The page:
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Coding Guidelines

Java Coding Guidelines

Version 1.4





Revision History





Initial draft.

Vladislav Nikitin


Review and update.

Sergey Zenevich


Small fixes.

Pavel Lebedev


Small fixes.

Sergey Zenevich


Small fixes.

Sergey Zenevich

Table of Contents

Coding Guidelines 1

Java Coding Guidelines 1


1. Introduction 5

1.1 Overview and Scope 5

1.2 Targeted Readers 5

1.3 Typographical Conventions 5

2. Naming conventions 6

2.1 Introduction 6

2.2 Abbreviations 6

2.3 Packages 7

2.4 Classes 7

2.5 Interfaces 8

2.6 Annotations 8

2.7 Exceptions 9

2.8 Enumerations 9

2.9 Fields 10

2.10 Static Fields 10

2.11 Parameters 10

2.12 Methods 11

2.13 Field Accessors (Java Bean properties) 11

2.14 Generics 12

2.15 Summary 12

3. Comments 14

3.1 Introduction 14

3.2 Class comments 14

3.3 Method comments 14

3.4 Inline comments 14

4. Code formatting 16

4.1 Indentation, spaces and braces 16

4.2 Separation of operators and punctuators 17

4.3 Line length 17

5. General style recommendations 18

5.1 Anonymous methods 18

6. References 19

7. Glossary 20

8. Appendices 21


1.1Overview and Scope

This document presents Java version of coding guidelines that is obligatory for all Itransition software development processes.

All details about development for other platforms are placed in separate documents. Platform independent information (like scripts development, graphical resources development) is stored in separate document.

1.2Targeted Readers

Targeted readers for the document are all Itransition Java developers.

1.3Typographical Conventions

The following special typographical conventions are used within the document:




Represents emphasis or a referenced material’s title.

Fixed width

Represents any source code fragments (like class, method or attribute names), file names, etc.

2.Naming conventions


A consistent naming pattern is one of the most important elements of predictability and discoverability in a managed source code. Widespread use and understanding of these naming guidelines should eliminate many of the most common user questions. This section provides naming guidelines for the different types of entities used.

All identifiers should be written using only proper English words. Avoid too sophisticated words. Do not misuse words. Try to find the simplest and most correct word. Usually you should write “Unique”, but not “Extraordinary”.

The major goal of all conventions is high level of code understandability and maintainability. If you feel that conventions violation can increase understandability in some particular case, you can do that. But think twice before.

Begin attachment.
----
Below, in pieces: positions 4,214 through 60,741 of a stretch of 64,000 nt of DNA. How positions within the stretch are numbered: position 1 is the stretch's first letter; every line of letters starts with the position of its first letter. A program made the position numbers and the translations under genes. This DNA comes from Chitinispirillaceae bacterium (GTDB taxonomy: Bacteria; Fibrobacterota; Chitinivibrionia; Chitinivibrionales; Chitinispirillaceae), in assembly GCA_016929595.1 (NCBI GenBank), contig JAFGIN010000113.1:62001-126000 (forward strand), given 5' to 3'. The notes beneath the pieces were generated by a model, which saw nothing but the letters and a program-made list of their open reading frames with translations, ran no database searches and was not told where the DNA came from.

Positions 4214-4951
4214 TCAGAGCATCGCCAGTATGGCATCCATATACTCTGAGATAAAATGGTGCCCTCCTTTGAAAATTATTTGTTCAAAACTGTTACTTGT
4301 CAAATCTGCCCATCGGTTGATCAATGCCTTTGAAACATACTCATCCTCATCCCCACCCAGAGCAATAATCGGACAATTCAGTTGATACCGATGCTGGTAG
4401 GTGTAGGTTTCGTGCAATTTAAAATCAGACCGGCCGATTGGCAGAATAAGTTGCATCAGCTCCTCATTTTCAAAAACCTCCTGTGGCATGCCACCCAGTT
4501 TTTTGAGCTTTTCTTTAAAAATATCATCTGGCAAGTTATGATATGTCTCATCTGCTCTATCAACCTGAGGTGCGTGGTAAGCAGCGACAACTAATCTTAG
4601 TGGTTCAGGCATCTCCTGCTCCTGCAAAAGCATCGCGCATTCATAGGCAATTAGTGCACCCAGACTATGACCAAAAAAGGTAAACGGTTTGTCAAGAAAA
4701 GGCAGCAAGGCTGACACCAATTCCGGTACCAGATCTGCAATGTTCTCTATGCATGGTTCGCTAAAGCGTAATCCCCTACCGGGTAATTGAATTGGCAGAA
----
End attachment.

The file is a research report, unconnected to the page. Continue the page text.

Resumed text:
Do not use language specific naming. Do not create language-specific method and parameters names, as in the following example:

void write(double doubleValue);

void writeDouble(double value);

Use instead:

void write(double value);

Avoid using names that duplicate commonly used Java packages and classes. For example, do not use any of the following names as a class name: Object, String or Exception. See Java API for a list of standard packages and classes.

It is not recommended to use the same packages and classes names, which are coming with frameworks and libraries, used in a project.


To avoid confusion and guarantee cross-language interoperation, follow these rules regarding the use of abbreviations:

  • Do not use abbreviations or contractions as parts of identifier names. This rule strictly selects InternetAddress spelling instead of InetAddress, InternetAddr, InetAddr. This significantly simplifies development, code analysis and maintenance. However, you may use standard abbreviation, such as Id, a.e. UserId.

  • Do not use acronyms that are not generally accepted in the computing field at all. If well-known acronym exists use it to replace lengthy phrase names. For example: XML, HTML, HTTP, FTP, DB, IO, and UI. Also some widespread file extensions can be used (for example, PDF, GIF, JPEG, BMP, TIFF). However avoid problem area specific acronyms like DM; use DocumentManagement instead.

  • When using acronyms, use Pascal case or camel case for acronyms more than two characters long. For example, use HtmlButton or htmlButton. However, you should capitalize acronyms that consist of only two characters, such as java.io.IOException instead of java.io.IoException.

Do not use a Hungarian notation prefix anywhere.

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